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Photo article: Rogue Bloggers for Woodlarks training walk - agony as the cows attack

Tom Winnifrith
Saturday 21 May 2022

On June 11, I, along with seven other rogue bloggers, will walk the 34 miles from Winchester Cathedral to Woodlarks. I can now say that, after yesterday’s training effort of 23 miles, I will complete the walk. But that is three weeks away, so now is the time to sponsor me, HERE. As a means of encouragement, let me tell you about yesterday’s pain, and show you the reason: the cows, or bulls, as they were advertised.

I set the alarm for 4 AM and, natch, hit the snooze button when the phone rang at that ungodly hour. At 4.05, the Mrs suggested that I should stop procrastinating and booted me out of bed. I procrastinated a little more downstairs, filling my bag with fluids and pondering life. But just before 5 AM, I headed off, meeting a dog walker as I crossed the bridge over the Dee. We agreed that it was a nice morning, which it was, and I headed along the English bank towards Chester. That was the last soul I saw for three hours.

The going was firm, so no mud to wade through, and I made normal points of note – 1 hour, 2 hours, 3 hours etc – in record time. I spotted the church below at 2 hours 36 minutes, though it is normally just past the three-hour mark.    

It was only as I crossed back across the Dee, so with the Duke of Westminster’s Estates on my right that I started meeting the odd dog walker as, amazingly, I was getting quite close to Chester. I opted to do an extra minute or two so that I could actually touch the Chester by-pass and started heading back at 8.34 AM confident that I’d be home before one PM, after eleven miles I do tend to slow a bit. I was delayed by chatting to Nick from Woodlarks and sending him the picture below and discussing the wild garlic, the smell of which was everywhere.

But I marched on and kept a reasonable pace until I came to a big long field about three miles from home with a sign at the Chester end saying “beware of the bulls.” I had spotted the creatures on my way out towards Chester but they were ambling on the far side and I walked on the near side, where a fence with two strands of barbed wire separates the field from a fairly steep river bank covered with nettles. Maybe the bulls will stay away from me, I told myself, more in hope than belief, and strode on. But, about 800 yards from the end of the field, I found my path blocked by a herd of bulls. “Shoo” I said defiantly. But instead of fleeing, the herd came towards me so that I felt that I had no choice but to climb under the barbed wire and wade through waist-high nettles on an uneven surface until I had passed the bulls.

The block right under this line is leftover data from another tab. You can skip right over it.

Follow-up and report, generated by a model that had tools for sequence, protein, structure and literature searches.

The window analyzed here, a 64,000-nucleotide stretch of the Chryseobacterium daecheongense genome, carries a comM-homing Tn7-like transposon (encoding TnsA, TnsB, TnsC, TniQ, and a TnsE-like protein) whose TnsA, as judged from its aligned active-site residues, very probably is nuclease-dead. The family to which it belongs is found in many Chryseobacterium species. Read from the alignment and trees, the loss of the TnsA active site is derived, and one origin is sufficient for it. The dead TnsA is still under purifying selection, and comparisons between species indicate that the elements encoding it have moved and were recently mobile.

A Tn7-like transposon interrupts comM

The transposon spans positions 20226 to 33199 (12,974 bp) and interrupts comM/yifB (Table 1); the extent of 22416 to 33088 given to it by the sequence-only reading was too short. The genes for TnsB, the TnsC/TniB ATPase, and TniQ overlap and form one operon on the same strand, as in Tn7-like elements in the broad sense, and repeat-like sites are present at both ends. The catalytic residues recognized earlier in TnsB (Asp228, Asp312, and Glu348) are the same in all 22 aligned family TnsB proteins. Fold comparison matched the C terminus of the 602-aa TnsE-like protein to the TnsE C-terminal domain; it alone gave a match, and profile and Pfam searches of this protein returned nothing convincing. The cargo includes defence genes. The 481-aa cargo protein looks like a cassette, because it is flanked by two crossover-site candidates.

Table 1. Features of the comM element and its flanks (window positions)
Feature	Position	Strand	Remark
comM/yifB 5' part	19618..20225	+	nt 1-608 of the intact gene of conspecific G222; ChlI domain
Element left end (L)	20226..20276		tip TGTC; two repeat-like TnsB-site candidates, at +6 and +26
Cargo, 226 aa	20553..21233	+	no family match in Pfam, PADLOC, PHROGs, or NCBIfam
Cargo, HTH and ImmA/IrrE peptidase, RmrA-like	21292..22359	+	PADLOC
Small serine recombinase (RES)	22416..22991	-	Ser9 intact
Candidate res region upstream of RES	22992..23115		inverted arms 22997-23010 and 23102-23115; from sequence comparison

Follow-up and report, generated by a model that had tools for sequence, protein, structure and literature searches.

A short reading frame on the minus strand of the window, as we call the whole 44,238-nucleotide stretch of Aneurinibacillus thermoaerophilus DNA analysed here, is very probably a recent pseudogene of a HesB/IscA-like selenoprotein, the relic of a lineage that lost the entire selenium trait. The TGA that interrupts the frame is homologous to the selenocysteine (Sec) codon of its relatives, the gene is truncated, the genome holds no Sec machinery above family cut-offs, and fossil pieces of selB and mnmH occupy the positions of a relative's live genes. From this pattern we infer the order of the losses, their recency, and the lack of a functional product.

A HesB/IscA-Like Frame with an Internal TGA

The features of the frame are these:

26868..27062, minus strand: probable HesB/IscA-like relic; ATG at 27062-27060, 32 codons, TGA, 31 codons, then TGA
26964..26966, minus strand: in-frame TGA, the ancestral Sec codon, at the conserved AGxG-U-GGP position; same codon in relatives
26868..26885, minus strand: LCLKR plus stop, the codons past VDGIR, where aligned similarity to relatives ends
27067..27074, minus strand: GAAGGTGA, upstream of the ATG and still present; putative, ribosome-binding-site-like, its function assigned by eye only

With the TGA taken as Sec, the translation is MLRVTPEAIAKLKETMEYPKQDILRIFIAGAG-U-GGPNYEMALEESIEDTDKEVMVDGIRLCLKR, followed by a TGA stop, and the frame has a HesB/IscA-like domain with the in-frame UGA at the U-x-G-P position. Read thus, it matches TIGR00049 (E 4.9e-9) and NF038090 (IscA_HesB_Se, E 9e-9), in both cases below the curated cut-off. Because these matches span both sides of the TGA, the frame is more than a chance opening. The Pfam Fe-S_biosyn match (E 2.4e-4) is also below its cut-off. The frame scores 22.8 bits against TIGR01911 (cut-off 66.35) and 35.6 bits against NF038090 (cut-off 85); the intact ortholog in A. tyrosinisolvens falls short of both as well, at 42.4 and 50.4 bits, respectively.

But they simply followed me along the river on the other side of the fence, cutting off any escape back to the field.

An old countryman in a hat and carrying a stick walked in the field towards me and the bulls. Are these yours? I asked. No said he. But are you not afraid of the bulls? I asked. He put me straight. They were heifers but he said that when not coming to say hello they could charge after people.  That is why I shall stay on this side I said smugly and the man strode off, no doubt laughing to himself about the posh twit who, he knew, was minutes from his downfall.

The cows followed me until I came, as the countryman must have known that I would, to an enormous bramble bush stretching from the wire down to the river. The cows crowded to the wire. I was not going to slither under it to among their very large feet which they stamped as if irate. I could have waited for rescue but that could have taken all day.  So I started to climb through a half opening in the bush.

By the time I was on the other side, I was bleeding from cuts up and down my forearms. But that was only the appetizer.

I then discovered that I was in nettles six feet high. I tried to proceed by treading on the stems of some and walking in the space cleared. I slipped and tumbled down the bank stopping just short of the water with my bag in front of me and my glasses on the ground. I had to push myself up by putting my hands on crushed nettles. Slowly I clambered up the bank and found a large branch to both bat back nettles and to prop myself up so that I did not fall again. At the top, there were the ffing cows (advertised as bulls) staring at me again.

Luckily, by the time I reached the end of the field the cows had lost interest in me. I climbed under the wire and headed home which I still made well before 1 PM. As a one-time professional chain smoker, I can say that I was never out of breath. My feet and legs ached a bit but not so much that I could not have done another ten miles as I will do on the 11th.  So that is all well and good.  I am ready for the Woodlarks challenge. I suppose my intense gardening here at the Welsh hovel has actually made me a bit fitter.

But I was in agony. My arms were buzzing and stinging as if thousands of ants were crawling all over them. The blood had just about stopped flowing when I got home but there are cuts and grazes across my arms. I did some lawn mowing until the Mrs pitched up with some pills supplied by her mother, a retired Shipman, and she sent me to bed until the pain eased and I could be sent off to make supper.

So think of that pain, remember that Woodlarks is an amazing cause and please donate HERE   

If you enjoyed reading this article from Tom Winnifrith, why not help us cover our running costs with a donation?
About Tom Winnifrith
Tom Winnifrith is the editor of When he is not harvesting olives in Greece, he is (planning to) raise goats in Wales.
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